Weeks flew by. The season was in its last throes: the session was within a day or two of its death. Lady May drove out to Mortlake with a project in her head.
Alice Arden was glad to see her.
“I’ve travelled all this way,” she said, “to make you come with me on Friday to the Abbey.”
“On Friday? Why Friday, dear?” answered Alice.
“Because there is to be a grand oratorio of Handel’s. It is for the benefit of the clergy’s sons’ school, and it is one that has not been performed in England for I forget how many years. It is Saul. You have heard the Dead March in Saul, of course; everyone has; but no one has ever heard the oratorio, and come you must. There shall be no one but ourselves — you and I, and your uncle and your brother to take care of us. They have promised to come; and Stentoroni is to take Saul, and they have the finest voices in Europe; and they say that Herr Von Waasen, the conductor, is the greatest musician in the world. There have been eight performances in that great room — oh! what do you call it? — while I was away; and now there is only to be this one, and I’m longing to hear it; but I won’t go unless you come with me — and you need not dress. It begins at three o’clock, and ends at six, and you can come just as you are now; and an oratorio is really exactly the same as going to church, so you have no earthly excuse; and I’ll send out my carriage at one for you; and you’ll see, it will do you all the good in the world.”
Alice had her difficulties, but Lady May’s vigorous onset overpowered them, and at length she consented.
“Does your uncle come out here to see you?” asks Lady May.
“Often; he’s very kind,” she replies.
“And Grace Maubray?”
“Oh, yes; I see her pretty often — that is, she has been here twice, I think — quite often enough.”
“Well, do you know, I never could admire Grace Maubray as I have heard other people do,” says Lady May. “There is something harsh and bold, don’t you think? — something a little cruel. She is a girl that I don’t think could ever be in love.”
“I don’t know that,” says Alice.
“Oh! really?” says Lady May, “and who is it?”
“It is merely a suspicion,” says Alice.
“Yes — but you think she likes some one — do, like a darling, tell me who it is,” urges Lady May, a little uneasily.
“You must not tell anyone, because they would say it was sisterly vanity, but I think she likes Dick.”
“Sir Richard?” says Lady May, with as much indifference as she could.
“Yes, I think she likes my brother.”
Lady May smiles painfully.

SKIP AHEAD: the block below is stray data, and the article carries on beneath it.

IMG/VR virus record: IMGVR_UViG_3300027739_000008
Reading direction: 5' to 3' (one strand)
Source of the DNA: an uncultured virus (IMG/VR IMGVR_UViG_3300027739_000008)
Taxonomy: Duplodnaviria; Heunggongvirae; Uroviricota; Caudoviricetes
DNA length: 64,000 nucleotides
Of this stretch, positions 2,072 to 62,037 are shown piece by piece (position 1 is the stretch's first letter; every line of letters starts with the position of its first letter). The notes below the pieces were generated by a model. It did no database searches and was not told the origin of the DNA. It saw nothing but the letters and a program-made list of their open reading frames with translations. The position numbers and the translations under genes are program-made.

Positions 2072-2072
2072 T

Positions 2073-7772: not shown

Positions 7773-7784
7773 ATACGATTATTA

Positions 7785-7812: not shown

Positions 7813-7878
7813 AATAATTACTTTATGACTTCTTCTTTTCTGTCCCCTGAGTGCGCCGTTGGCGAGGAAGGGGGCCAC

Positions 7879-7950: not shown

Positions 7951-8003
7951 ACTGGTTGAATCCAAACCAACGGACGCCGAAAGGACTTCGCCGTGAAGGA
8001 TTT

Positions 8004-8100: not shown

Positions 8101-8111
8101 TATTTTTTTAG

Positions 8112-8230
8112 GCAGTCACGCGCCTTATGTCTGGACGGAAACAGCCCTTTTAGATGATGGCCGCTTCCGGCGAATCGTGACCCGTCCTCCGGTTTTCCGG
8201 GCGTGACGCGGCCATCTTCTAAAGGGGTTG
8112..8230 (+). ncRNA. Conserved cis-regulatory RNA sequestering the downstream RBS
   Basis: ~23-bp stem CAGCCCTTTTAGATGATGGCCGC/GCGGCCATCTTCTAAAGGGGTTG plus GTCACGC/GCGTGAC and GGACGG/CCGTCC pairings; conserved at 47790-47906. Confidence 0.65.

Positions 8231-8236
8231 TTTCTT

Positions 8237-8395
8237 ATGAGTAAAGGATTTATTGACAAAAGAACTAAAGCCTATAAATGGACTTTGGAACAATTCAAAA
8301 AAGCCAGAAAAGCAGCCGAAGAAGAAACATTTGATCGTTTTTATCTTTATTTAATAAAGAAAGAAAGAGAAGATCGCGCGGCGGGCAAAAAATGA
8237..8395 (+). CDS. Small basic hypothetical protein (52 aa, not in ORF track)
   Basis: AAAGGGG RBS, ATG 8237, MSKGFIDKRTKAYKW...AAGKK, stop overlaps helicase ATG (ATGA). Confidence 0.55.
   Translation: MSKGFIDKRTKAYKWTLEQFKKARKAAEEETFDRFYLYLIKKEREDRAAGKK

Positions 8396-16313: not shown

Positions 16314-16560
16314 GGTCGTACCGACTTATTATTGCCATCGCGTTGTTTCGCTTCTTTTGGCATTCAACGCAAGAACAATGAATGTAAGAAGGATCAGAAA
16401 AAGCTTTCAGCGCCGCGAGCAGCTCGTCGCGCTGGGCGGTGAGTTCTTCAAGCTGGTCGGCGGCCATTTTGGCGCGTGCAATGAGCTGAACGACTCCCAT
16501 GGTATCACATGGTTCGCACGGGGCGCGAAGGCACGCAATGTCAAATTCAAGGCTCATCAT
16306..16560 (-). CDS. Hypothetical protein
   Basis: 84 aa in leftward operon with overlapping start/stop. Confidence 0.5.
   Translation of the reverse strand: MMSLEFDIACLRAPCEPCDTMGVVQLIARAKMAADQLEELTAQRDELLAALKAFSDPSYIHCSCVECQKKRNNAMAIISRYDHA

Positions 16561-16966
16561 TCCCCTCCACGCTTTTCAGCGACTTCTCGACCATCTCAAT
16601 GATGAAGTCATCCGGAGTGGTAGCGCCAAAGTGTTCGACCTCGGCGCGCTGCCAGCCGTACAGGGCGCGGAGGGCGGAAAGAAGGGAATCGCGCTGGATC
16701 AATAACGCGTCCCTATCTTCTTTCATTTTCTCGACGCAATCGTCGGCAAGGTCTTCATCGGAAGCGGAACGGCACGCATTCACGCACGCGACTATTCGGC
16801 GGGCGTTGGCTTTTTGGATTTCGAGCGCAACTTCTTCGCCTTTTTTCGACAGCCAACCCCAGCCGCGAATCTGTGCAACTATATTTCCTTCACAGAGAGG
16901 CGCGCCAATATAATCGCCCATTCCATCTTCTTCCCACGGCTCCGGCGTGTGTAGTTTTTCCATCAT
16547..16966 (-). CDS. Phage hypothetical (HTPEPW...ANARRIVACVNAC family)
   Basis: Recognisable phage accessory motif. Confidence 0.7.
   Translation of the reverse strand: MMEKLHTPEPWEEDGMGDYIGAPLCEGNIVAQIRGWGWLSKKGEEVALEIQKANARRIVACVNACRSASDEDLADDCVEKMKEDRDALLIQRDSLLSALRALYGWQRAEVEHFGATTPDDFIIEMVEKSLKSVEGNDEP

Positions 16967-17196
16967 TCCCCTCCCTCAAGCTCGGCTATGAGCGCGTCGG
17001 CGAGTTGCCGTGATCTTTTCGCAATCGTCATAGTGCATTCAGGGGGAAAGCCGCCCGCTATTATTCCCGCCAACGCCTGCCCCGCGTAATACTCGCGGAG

“I always thought so,” she says; “and he admires her, of course?”
“No, I don’t think he admires her at all. I’m certain he doesn’t,” said Alice.
“Well, certainly he always does speak of her as if she belonged to Vivian Darnley,” remarks Lady May, more happily.
“So she does, and he to her, I hope,” said Alice.
“Hope?” repeated Lady May, interrogatively.
“Yes — I think nothing could be more suitable.”
“Perhaps so; you know them better than I do.”
“Yes, and I still think Uncle David intends them for one another.”
“I would have asked Mr. Longcluse,” Lady May begins, after a little interval, “to use his influence to get us good hearing-places, but he is in such disgrace — is he still, or is there any chance of his being forgiven?”
“I told you, darling, I have really nothing to forgive — but I have a kind of fear of Mr. Longcluse — a fear I can’t account for. It began, I think, with that affair that seemed to me like a piece of insanity, and made me angry and bewildered; and then there was a dream, in which I saw such a horrible scene, and fancied he had murdered Richard, and I could not get it out of my head. I suppose I am in a nervous state — and there were other things; and, altogether, I think of him with a kind of horror — and I find that Martha Tansey has an unaccountable dread of him exactly as I have; and even Uncle David says that he has a misgiving about him that he can’t get rid of, or explain.”
“I can’t think, however, that he is a ghost or even a malefactor,” said Lady May, “or anything worse than a very agreeable, good-natured person. I never knew anything more zealous than his good-nature on the occasion I told you of; and he has always approached you with so much devotion and respect — he seemed to me so sensitive, and to watch your very looks; I really think that a frown from you would have almost killed him.”
Alice sighs, and looked wearily through the window, as if the subject bored her; and she said listlessly —
“Oh, yes, he was kind, and gentlemanlike, and sang nicely, I grant you everything; but — there is something ominous about him, and I hate to hear him mentioned, and with my consent I’ll never meet him more.”
Connected with the musical venture which the ladies were discussing, a remarkable person visited London. He had a considerable stake in its success. He was a penurious German, reputed wealthy, who ran over from Paris to complete arrangements about ticket-takers and treasurer, so as to ensure a system of check, such as would make it next to impossible for the gentlemen his partners to rob him. This person was the Baron Vanboeren.